CSPDarknet-53 is the backbone network, which is formed by the fusion of Darknet-53 network and CSP network. Darknet-53 network mainly consists of 53 convolutional layers, and the speed of operation is accelerated by building a large number of residual blocks and setting jump connections between convolutional layers, without pooling layer and fully connected layer. CSP network structure is to split the original features into two parts and perform tensor stitching on one part of the features and the other part of the features after convolutional operation as the output. One part of the features is convolved, and the other part of the features and the convolved features are tensor spliced as the output.
The CBL network is composed of Conv, the optimization function BN and the activation function Leakyrelu, and the CBL network is the basic unit of the vehicle feature detection network.
The SPP network, called spatial pyramid pooling network, is a convolution kernel sliding over the image, which has no relationship with the size of the input image to the network, but only convolves feature maps of different sizes for images of different sizes. As shown in Figure 2, the network first divides the input feature map into three different sets of regular grids, and then extracts the features in the different grids of the division in turn, one kind of feature for each grid, and finally the 21 extracted features constitute a kind of 21-dimensional feature vector with three fixed sizes passed to the fully connected layer, thus realizing that any size feature map can be converted into a fixed size feature vector for output.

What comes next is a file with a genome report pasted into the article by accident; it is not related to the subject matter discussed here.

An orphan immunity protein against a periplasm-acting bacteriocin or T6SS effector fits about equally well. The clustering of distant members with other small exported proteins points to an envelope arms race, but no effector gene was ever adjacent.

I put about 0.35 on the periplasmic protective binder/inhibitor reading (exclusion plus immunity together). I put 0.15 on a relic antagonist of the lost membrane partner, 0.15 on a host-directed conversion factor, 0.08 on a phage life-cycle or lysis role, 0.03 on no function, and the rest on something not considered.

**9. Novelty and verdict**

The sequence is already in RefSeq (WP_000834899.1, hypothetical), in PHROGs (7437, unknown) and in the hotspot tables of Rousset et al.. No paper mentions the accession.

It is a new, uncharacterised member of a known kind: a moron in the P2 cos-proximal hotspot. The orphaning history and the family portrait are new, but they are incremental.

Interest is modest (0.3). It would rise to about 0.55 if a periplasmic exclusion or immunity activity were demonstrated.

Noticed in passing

The improved network structure mainly consists of CSPDarknet-53 feature extraction network, CBL network, CSP network and SPP network. The surveillance video images are used as the input of the network, and the CSPDarknet-53 feature extraction network is responsible for extracting the target feature information. the SPP network is responsible for the fixed size processing of the feature vector. The target features to be detected are divided into 3 different sizes of feature maps by feature fusion, and finally the 3 different sizes of feature maps are detected. The improved network structure is shown in Figure 3.

3.2.2. Detection-Based Target Tracking Methods

Extracting the driving status of a vehicle through a weighing area requires the implementation of vehicle target tracking. The Kalman filter algorithm is used to predict the position of the vehicle target that will appear in the next frame, which in turn calculates the status information of the vehicle. Then the current video frame is detected using the improved YOLOv3 vehicle target detection model to obtain the detection frames of all vehicle targets on the road. The results of vehicle target detection and tracking are costed using a fusion metric, which requires the calculation of not only motion similarity but also appearance similarity to improve the accuracy of matching. Combined with the Hungarian matching algorithm to correlate the vehicle detection and tracking results, the trajectory is smoothed using RTS (rauch–tung–striebel), and finally the parameters of the model and Kalman filter are updated to achieve continuous and stable tracking of the vehicle target. The vehicle trajectory tracking process is shown in Figure 4.
In the tracking of vehicle targets, the detection results of vehicle targets in the current frame and the tracking trajectories of existing vehicle targets are linked with the great matching of bipartite graphs. The objective function of the binary assignment problem is shown in Equation (1), where x i , j denotes the result of the i tracking trajectory assigned to the j detection, and c i , j denotes the corresponding assignment cost.
min c i , j x i , j i > 0 x i , j = 1 j > 0 x i , j = 1 x i , j 0 , 1

3.2.3. Coordinate Conversion